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Panic Room (R)
Columbia Pictures
Official Site
Director: David Fincher
Producer: David Fincher
Written by: David Koepp
Cast: Jodie Foster, Forrest Whitaker, Jared Leto, Dwight Yoakum
Rating: out of 5


After seeing the latest film by the estimable David Fincher, I find myself in dire need of my own personal panic room. Not that Iím besieged by robbers on a nightly basis, or anything like that. I just feel that it would be nice to have a room that can be used to shut yourself off from the world. Maybe I could actually find time to finish reading one of the many books that compose the K2-like stacks next to my bed. Now, youíre thinking to yourself that, perhaps, I have completely missed the point of the aforementioned film, Panic Room. No, I most certainly have not. My wanting a panic room of my own has nothing to do with the plot. Itís simply the byproduct of seeing a cool new toy displayed in such an attractive fashion. Take any man in America to see this film and by the end credits, he will have already decided whether the Jim Brown or the Joe Theisman poster will go up on the wall of the panic room heís decided to build when he gets home. The whole idea has me giddy, and I am rarely giddy.

Letís simplify things. Panic Room is good. Very, very, very good. I havenít seen a thriller this well crafted in a long time, in part because the genre is so difficult and also because there are few directors out there who can do it right. Make no mistake, this is David Fincherís movie. He is, unquestionably, the star, the core of the film, reducing all of the actors to mere set pieces that he controls. Which is not to say that Jodie Foster and company donít turn in lovely performances. Foster is quite good (and might I add fetching) in her part, lending a life and humanity to what could have been a one-note role. Equally impressive are Forrest Whitaker, displaced country music star Dwight Yoakum, and Jared Leto as the trio of crooks who have overtaken the Foster home. Yoakum in particular deserves many accolades, having transformed himself from a lovable guitar-slinging bumpkin into a bad guy of such menace and venom, itís literally frightening to watch him.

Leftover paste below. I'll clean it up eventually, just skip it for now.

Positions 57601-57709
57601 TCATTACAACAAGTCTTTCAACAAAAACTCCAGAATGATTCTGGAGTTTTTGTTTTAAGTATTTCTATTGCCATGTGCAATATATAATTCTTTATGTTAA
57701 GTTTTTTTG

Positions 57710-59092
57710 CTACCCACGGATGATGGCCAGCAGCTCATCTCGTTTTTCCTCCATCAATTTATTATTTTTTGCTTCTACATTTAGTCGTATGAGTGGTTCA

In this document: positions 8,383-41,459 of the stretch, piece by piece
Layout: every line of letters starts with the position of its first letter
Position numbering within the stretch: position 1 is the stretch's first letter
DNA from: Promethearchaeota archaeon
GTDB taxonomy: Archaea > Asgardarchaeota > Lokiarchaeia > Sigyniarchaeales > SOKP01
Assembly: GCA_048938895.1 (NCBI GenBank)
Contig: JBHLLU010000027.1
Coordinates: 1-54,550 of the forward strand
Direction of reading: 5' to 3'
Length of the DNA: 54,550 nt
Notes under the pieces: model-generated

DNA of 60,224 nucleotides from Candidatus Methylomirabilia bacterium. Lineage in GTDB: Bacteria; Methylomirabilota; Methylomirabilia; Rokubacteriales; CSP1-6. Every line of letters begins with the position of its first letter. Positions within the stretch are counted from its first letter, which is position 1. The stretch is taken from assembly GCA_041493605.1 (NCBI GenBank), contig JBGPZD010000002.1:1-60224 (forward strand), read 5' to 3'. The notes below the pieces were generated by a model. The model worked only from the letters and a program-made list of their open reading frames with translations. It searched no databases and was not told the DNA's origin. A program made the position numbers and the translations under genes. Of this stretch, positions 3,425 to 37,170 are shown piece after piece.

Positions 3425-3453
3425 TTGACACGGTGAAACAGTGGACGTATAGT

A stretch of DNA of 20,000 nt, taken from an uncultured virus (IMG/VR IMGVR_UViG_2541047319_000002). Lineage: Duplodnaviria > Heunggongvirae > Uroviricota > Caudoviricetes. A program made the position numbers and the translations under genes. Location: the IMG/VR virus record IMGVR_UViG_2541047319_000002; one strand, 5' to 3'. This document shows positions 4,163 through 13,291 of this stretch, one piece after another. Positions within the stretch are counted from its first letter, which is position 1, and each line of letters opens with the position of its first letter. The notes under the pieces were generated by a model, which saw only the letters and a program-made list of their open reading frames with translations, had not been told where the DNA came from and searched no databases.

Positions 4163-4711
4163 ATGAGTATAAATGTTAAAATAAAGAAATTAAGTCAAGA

But enough of the actors. Good as they all were, they are out-shown by the living, breathing entity that is David Fincher's direction. The whole movie pulses with its own energy, thanks in no small part to the innovative camera work and split-second timing that Fincher has deployed. He turns what is basically a story about two people trapped in a fancy closet into a breathless, armrest-gripping nightmare, just by sheer talent. I am very excited by his work and I feel that he is only getting better. I believe heís only a few pictures away from a true masterpiece. As it stands, Panic Room is, I feel, his best work to date, fond as I am of †Fight Club, Seven, and The Game. Panic Room just feels complete, like nothingís missing from the puzzle. Sure there are some minor quibbles (Fosterís character seems to know a lot of McGuyver-esque moves, for some reason) but as I said, theyíre minor. I want to also mention the Rube-Goldberg-ian script by David Koepp, which provides a nice framework for the artistic drapery of Mr. Fincher. Koepp has one of the spottiest filmographies Iíve seen, with work ranging from the highly underrated horror flick Stir Of Echoes to the embarrassingly bad Snake Eyes, so itís nice to see him back in top form. One hopes he will continue on in this vein.

†All in all, itís a thriller that deserves at least a mention in the same breath as the works of Hitchcock. While not quite a Rear Window (one of my favorite films), itís certainly the closest thing weíve seen to it in a while. For that, it should go down as a very successful movie, box office bonanza or not. Now, if youíll excuse me, I have some steel doors to install before the guy with the security system arrives.

ó Clinton Davis

 

hybridCinema Ratings Guide:

Take a pal and pay full price for both tickets.

Itís worth a full-price ticket.

Itís worth a matinee ticket.

Wait for video rental.

Check out the video from the library, if you must.

While we would never encourage anyone to destroy a video...


Mike Doughty



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